Other Instructional Sites – A location, other than a branch campus or additional location, at which the institution offers one or more courses for credit.
Distance Education Programs – Yes or No indicates whether or not the institution has been approved to offer one or more degree or certificate/diploma programs for which students could meet 50% or more of their requirements by taking distance education courses.
EXPLANATION OF COMMISSION ACTIONS
An institution’s accreditation continues unless it is explicitly suspended or removed. In addition to reviewing the institution’s accreditation status at least every 5 years, actions are taken for substantive changes (such as a new degree or geographic site, or a change of ownership) or when other events occur that require review for continued compliance. Any type of report or visit required by the Commission is reviewed and voted on by the Commission after it is completed.
In increasing order of seriousness, a report by an institution to the Commission may be accepted, acknowledged, or rejected.
Levels of Actions:
Grant or Re-Affirm Accreditation without follow-up
Defer a decision on initial accreditation: The institution shows promise but the evaluation team has identified issues of concern and recommends that the institution be given a specified time period to address those concerns.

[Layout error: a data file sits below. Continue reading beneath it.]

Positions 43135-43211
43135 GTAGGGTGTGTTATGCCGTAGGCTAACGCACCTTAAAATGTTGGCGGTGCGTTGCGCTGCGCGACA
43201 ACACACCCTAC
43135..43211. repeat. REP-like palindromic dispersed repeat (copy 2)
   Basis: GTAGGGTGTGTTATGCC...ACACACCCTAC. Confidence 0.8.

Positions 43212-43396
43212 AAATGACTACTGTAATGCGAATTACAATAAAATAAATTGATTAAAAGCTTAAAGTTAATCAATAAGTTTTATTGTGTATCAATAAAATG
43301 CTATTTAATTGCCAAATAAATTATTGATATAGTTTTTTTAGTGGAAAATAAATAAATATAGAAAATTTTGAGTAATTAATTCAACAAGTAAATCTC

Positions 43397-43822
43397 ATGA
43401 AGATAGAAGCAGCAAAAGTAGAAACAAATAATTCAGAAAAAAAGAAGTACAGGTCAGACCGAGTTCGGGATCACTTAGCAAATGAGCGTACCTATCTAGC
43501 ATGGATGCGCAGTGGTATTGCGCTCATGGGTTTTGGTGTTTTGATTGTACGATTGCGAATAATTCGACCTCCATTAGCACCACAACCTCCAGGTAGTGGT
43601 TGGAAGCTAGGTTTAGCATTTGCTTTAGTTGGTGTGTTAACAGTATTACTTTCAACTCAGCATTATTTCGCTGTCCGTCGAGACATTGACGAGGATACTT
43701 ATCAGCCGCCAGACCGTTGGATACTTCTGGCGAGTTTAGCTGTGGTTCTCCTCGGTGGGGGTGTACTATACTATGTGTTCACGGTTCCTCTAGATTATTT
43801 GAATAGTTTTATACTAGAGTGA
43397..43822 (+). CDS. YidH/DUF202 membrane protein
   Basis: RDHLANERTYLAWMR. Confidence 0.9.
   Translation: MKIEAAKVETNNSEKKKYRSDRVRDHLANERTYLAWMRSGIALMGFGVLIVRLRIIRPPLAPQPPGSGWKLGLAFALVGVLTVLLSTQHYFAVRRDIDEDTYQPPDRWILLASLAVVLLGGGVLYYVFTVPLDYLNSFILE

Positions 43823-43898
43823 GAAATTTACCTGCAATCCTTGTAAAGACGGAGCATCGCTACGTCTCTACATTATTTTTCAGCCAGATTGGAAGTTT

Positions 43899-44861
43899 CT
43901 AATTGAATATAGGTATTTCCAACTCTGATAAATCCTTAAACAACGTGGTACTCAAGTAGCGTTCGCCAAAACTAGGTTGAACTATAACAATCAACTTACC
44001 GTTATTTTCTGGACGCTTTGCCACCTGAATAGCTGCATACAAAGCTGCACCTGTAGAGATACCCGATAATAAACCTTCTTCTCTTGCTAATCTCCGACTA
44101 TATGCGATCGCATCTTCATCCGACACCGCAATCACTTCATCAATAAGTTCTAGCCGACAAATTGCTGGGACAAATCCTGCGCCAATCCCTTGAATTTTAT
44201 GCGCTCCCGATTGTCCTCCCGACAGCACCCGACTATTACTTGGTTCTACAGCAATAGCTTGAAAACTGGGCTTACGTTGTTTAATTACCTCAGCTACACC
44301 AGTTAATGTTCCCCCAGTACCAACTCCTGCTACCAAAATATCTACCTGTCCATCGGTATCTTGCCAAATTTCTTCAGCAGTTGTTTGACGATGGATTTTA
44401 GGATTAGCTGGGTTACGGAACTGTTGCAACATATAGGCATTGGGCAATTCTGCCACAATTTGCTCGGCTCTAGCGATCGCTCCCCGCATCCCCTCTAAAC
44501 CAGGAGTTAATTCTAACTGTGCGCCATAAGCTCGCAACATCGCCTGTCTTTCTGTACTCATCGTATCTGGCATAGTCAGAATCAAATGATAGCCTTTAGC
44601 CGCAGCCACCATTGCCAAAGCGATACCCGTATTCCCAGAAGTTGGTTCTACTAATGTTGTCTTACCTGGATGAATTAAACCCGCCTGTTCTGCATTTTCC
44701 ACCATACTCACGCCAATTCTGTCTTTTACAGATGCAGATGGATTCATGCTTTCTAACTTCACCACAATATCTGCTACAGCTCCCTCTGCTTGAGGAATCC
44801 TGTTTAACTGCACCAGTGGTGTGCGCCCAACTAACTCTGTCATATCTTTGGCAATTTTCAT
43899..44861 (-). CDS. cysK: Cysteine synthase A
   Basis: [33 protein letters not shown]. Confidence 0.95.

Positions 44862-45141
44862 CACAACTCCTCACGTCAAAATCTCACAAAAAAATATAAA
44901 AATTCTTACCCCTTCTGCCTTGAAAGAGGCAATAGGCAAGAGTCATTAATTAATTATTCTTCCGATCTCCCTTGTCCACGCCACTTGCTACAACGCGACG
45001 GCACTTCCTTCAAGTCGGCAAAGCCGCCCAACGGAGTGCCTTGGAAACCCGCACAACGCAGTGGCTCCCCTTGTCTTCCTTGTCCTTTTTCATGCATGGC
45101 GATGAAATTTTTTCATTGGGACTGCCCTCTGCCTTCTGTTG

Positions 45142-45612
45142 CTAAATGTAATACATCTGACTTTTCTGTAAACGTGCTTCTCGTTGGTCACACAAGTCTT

Postpone a decision on (reaffirmation of) accreditation: The Commission has determined that there is insufficient information to substantiate institutional compliance with one or more standards.
Continue accreditation: A delay of up to one year may be granted to ensure a current and accurate representation of the institution or in the event of circumstances beyond the institution’s control (natural disaster, U.S. State Department travel warnings, etc.)
Recommendations to be addressed in the next Periodic Review Report: Suggestions for improvement are given, but no follow-up is needed for compliance.
Supplemental Information Report: This is required when a decision is postponed and are intended only to allow the institution to provide further information, not to give the institution time to formulate plans or initiate remedial action.
Progress report: The Commission needs assurance that the institution is carrying out activities that were planned or were being implemented at the time of a report or on-site visit.
Monitoring report: There is a potential for the institution to become non-compliant with MSCHE standards; issues are more complex or more numerous; or issues require a substantive, detailed report. A visit may or may not be required.